Sto­ries of sol­diers re­told in ex­hi­bi­tion

Kentish Express Ashford & District - - OPINION - by Mike Ben­nett

STO­RIES be­hind the names of men from the Ash­ford area who were killed in the First World War were vividly bought to life at an ex­hi­bi­tion at Cen­tre­piece Church.

On dis­play on Satur­day, were pho­to­graphs, let­ters, news­pa­per re­ports and facts about many of the sol­diers and sailors from Ash­ford Rail­way Works, Ken­ning­ton, Kingsnorth, Mo­lash and Holling­bourne whose names ap­pear on lo­cal war memo­ri­als.

De­tails of where they lived and went to school, their in­ter­ests and how they died were re­searched by stu­dents who at­tended a course en­ti­tled Not Just A Name, run by the Work­ers’ Ed­u­ca­tion As­so­ci­a­tion, in Ash­ford.

There were poignant sto­ries of brav­ery and courage shown by young men who rushed to join up, only to find them­selves thrown into the hor­rors of trench war­fare.

Some were buried where they fell, and many have no known graves.

More than 80 men from Ash­ford Rail­way Works died in the Great War. Familiar names in­cluded, Mum­mery, Hills, Lance­field and Laker.

Many had strong links with New­town, Willes­bor­ough and the parish of Christchurch, South Ash­ford. Ge­orge Smail, a black­smith’s mate who lived on Beaver Road and served in the Royal Navy was 22 years when he was killed in 1917.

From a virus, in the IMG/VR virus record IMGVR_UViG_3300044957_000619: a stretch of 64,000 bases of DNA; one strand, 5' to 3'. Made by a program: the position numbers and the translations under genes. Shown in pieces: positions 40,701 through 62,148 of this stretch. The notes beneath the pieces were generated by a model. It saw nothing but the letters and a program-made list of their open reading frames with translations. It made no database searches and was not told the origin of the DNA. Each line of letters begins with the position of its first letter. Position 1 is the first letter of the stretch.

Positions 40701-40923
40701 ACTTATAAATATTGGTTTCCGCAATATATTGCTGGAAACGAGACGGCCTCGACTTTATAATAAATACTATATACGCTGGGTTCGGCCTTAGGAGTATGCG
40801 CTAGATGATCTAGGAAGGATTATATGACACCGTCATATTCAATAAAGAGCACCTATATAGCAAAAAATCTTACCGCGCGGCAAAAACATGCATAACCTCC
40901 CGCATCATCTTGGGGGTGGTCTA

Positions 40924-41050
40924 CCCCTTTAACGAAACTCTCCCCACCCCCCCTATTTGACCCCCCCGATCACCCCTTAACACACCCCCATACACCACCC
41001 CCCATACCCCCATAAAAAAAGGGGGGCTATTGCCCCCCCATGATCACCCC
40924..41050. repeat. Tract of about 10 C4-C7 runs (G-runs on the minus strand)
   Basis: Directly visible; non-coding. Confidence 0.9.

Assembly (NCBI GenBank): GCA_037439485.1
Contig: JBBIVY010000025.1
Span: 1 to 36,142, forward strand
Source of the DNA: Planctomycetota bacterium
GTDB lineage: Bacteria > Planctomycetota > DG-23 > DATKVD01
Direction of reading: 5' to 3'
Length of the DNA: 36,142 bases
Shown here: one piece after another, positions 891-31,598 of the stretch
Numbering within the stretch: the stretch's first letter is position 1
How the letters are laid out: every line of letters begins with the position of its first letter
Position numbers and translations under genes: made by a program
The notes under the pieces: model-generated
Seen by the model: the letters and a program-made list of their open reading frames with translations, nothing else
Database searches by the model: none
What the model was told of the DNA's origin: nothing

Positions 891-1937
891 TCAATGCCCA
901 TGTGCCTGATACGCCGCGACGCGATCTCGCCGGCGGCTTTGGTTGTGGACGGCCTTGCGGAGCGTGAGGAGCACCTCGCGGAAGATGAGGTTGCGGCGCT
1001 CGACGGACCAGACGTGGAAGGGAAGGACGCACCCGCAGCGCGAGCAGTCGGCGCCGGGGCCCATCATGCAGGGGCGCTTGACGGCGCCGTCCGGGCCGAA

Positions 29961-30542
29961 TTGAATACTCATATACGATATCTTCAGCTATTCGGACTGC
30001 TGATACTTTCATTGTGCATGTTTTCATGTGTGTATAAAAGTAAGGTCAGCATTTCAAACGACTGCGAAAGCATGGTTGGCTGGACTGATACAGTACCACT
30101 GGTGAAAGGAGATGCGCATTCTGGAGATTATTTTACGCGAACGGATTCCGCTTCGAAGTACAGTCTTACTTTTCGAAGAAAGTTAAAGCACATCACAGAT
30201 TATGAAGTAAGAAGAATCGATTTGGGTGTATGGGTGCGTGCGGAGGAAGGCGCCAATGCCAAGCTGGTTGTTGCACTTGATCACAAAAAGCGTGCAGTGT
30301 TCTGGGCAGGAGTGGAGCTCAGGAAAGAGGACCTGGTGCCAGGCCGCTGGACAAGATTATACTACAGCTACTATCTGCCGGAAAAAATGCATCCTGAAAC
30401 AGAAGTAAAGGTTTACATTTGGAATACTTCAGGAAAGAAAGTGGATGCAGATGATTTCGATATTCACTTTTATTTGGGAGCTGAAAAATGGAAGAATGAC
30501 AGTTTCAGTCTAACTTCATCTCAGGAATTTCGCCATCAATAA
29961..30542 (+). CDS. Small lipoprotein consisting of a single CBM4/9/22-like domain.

Alex Jen­nings, of Ken­ning­ton Hall, was at univer­sity in Zurich when war broke out and was des­per­ate to re­turn home and en­list.

His fa­ther per­suaded him to take his fi­nal exam, and an hour af­ter it ended he was on a train back to Eng­land.

He wrote a fas­ci­nat­ing ac­count of his jour­ney from Eng­land to Gal­lipoli where he was struck down by ty­phoid. While re­cov­er­ing at home, he took private fly­ing lessons and joined the Royal Fly­ing Corps, but was killed age 22.

The memo­ri­als were re­searched by Gina Baines (Rail­way Works); Robin and Jill Britcher (Ken­ning­ton); Ken Dun­stan (Kingsnorth); Eric Good­win (Mo­lash) and Rita Moon and Alan Wil­liams (Holling­bourne).

Lo­cal com­mu­ni­ties re­sponded to ap­peals for in­for­ma­tion and loaned pho­tos and orig­i­nal doc­u­ments, as well as shar­ing mem­o­ries that have been passed down through their fam­i­lies.

Vis­i­tors to the ex­hi­bi­tion pro­vided new in­for­ma­tion, which will be fol­lowed up to help com­plete the pic­ture of each man.

Re­searchers and vis­i­tors to an ex­hi­bi­tion re­mem­ber­ing sol­diers who died in the First World War

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